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This treatment is vastly different from traditional math-oriented wavelet books in that we use examples, figures, and computer demonstrations to show how to understand and work with wavelets. This is a comprehensive, in-depth. up-to-date treatment of the subject, but from an intuitive, conceptual point of view.

We do look at a few key equations from the traditional literature but only AFTER the concepts are demonstrated and understood. If desired, further study from scholarly texts and papers is then made much easier and more palatable when you already understand fundamentals of wavelets and how they relate to the real world.

Understanding & Harnessing Wavelet “Elephants”
How this Book Differs from Other Wavelet Texts
How this Book is Laid Out—Study Suggestions


  • CHAPTER 1 - Preview of Wavelets, Wavelet Filters, and Wavelet Transforms
    1.1 What is a Wavelet?
    1.2 What is a Wavelet Filter and how is it different from a Wavelet?
    1.3 The value of Transforms and Examples of Everyday Use
    1.4 Short-Time Transforms, Sheet Music, and a first look at Wavelet Transforms
    1.5 Example of the Fast Fourier Transform (FFT) with an Embedded Pulse Signal
    1.6 Examples using the Continuous Wavelet Transform
    1.7 A First Glance at the Undecimated Discrete Wavelet Transform (UDWT)
    1.8 A First Glance at the conventional Discrete Wavelet Transform (DWT)
    1.9 Examples of use of the conventional DWT
    1.10 Summary
  • CHAPTER 2 - The Continuous Wavelet Transform (CWT) Step-by-Step
    2.1 Simple Scenario: Comparing Exam Scores using the Haar Wavelet
    2.2 Above Comparison Process seen as simple Correlation or Convolution
    2.3 CWT Display of the Exam Scores using the Haar Wavelet Filter
    2.4 Summary
  • CHAPTER 3 - The Undecimated Discrete Wavelet Transform (UDWT) Step-by-Step
    3.1 Single-Level Undecimated Discrete Wavelet Transform (UDWT) of Exam Data
    3.2 Frequency Allocation of a Single-Level UDWT
    3.3 Multi-Level Undecimated Discrete Wavelet Transform (UDWT)
    3.4 Frequency Allocation of a Multiple-Level UDWT
    3.5 The Haar UDWT as a Moving Averager
    3.6 Summary
  • CHAPTER 4 - The Conventional (Decimated) DWT Step-by-Step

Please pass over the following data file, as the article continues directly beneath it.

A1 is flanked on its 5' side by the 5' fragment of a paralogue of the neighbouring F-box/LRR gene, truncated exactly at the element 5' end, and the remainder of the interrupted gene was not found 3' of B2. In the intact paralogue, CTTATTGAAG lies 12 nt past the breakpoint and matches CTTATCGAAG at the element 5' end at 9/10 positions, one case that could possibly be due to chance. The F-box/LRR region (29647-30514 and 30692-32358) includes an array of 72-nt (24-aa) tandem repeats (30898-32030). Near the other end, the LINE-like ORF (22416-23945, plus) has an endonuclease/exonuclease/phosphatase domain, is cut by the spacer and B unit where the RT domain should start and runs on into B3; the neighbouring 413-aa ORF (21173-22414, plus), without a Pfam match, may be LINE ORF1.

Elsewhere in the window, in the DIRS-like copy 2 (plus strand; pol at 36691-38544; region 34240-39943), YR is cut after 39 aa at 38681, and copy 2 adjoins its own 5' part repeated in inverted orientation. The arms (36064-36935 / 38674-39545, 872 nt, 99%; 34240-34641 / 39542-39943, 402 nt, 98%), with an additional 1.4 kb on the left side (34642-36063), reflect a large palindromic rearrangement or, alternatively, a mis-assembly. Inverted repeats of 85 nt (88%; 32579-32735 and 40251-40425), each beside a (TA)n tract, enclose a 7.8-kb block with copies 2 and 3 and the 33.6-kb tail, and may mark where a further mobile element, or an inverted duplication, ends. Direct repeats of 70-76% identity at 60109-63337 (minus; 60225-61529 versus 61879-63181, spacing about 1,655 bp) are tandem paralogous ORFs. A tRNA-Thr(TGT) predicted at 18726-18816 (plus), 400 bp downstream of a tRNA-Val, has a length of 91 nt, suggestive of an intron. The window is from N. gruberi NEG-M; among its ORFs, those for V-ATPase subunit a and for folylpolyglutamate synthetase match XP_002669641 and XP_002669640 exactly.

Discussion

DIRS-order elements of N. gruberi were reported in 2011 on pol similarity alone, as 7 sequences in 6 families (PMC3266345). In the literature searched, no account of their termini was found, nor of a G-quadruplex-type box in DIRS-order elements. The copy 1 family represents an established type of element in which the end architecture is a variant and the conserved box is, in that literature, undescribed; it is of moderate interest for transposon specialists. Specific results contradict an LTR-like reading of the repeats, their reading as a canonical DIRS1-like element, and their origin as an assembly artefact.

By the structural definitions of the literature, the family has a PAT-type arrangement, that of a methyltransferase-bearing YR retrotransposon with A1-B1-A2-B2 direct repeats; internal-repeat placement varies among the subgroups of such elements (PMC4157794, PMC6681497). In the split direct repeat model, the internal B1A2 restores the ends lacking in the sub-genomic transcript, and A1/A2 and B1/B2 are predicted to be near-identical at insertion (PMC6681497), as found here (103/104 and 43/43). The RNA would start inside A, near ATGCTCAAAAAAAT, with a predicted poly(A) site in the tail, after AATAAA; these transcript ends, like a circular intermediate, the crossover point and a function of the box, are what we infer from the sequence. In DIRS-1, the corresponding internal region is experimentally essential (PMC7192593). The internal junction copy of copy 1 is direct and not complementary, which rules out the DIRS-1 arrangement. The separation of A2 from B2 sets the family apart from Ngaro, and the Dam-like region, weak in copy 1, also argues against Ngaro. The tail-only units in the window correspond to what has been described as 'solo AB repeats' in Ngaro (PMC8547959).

4.1 Single-Level (Decimated) Discrete Wavelet Transform (DWT) of Exam Data
    4.2 Additional Example of Perfect Reconstruction in a Single-Level DWT
    4.3 Compression and Denoising Example using the Single-Level DWT
    4.4 Multi-Level Conventional (Decimated) DWT of Exam Data using Haar Filters
    4.5 Frequency Allocation in a (Conventional, Decimated) DWT
    4.6 Final Approximations and Details and how to read the DWT Display
    4.7 Denoising using a Multi-Level DWT
    4.8 Summary
  • CHAPTER 5 - Obtaining Discrete Wavelet Filters from “Crude” Wavelet Equations
    5.1 Review of Familiar DSP Truncated Sinc Function
    5.2 Adding More Points at the Ends for Better Filter Performance
    5.3 Adding More Points by Interpolation for Lower Cutoff Frequency
    5.4 Multi-Point Stretched Filters (“Crude Wavelets”) from Explicit Equations
    5.5 Mexican Hat Wavelet Filter as an Example of a Stretched Crude Filter
    5.6 Morlet Wavelet as another example of Stretched Crude Filters
    5.7 Bandpass Characteristics of the Mexican Hat and Morlet Wavelet Filters
    5.8 Summary
  • CHAPTER 6 - Obtaining Variable Length Filters from Basic Fixed Length Filters
    6.1 Review of Conventional Interpolation Techniques from DSP
    6.2 Interpolating the Basic “Mother” Wavelet by Upsampling and Lowpass Filtering
    6.3 Frequency Characteristics of the Basic and Stretched Haar Filters
    6.4 Perfect Overlay of Filter Points on the “Continuous” Wavelet Estimation
    6.5 Frequency Characteristics of some of the Basic Filters
    6.6 Summary
  • CHAPTER 7 - Comparison of the Major Types of Wavelet Transforms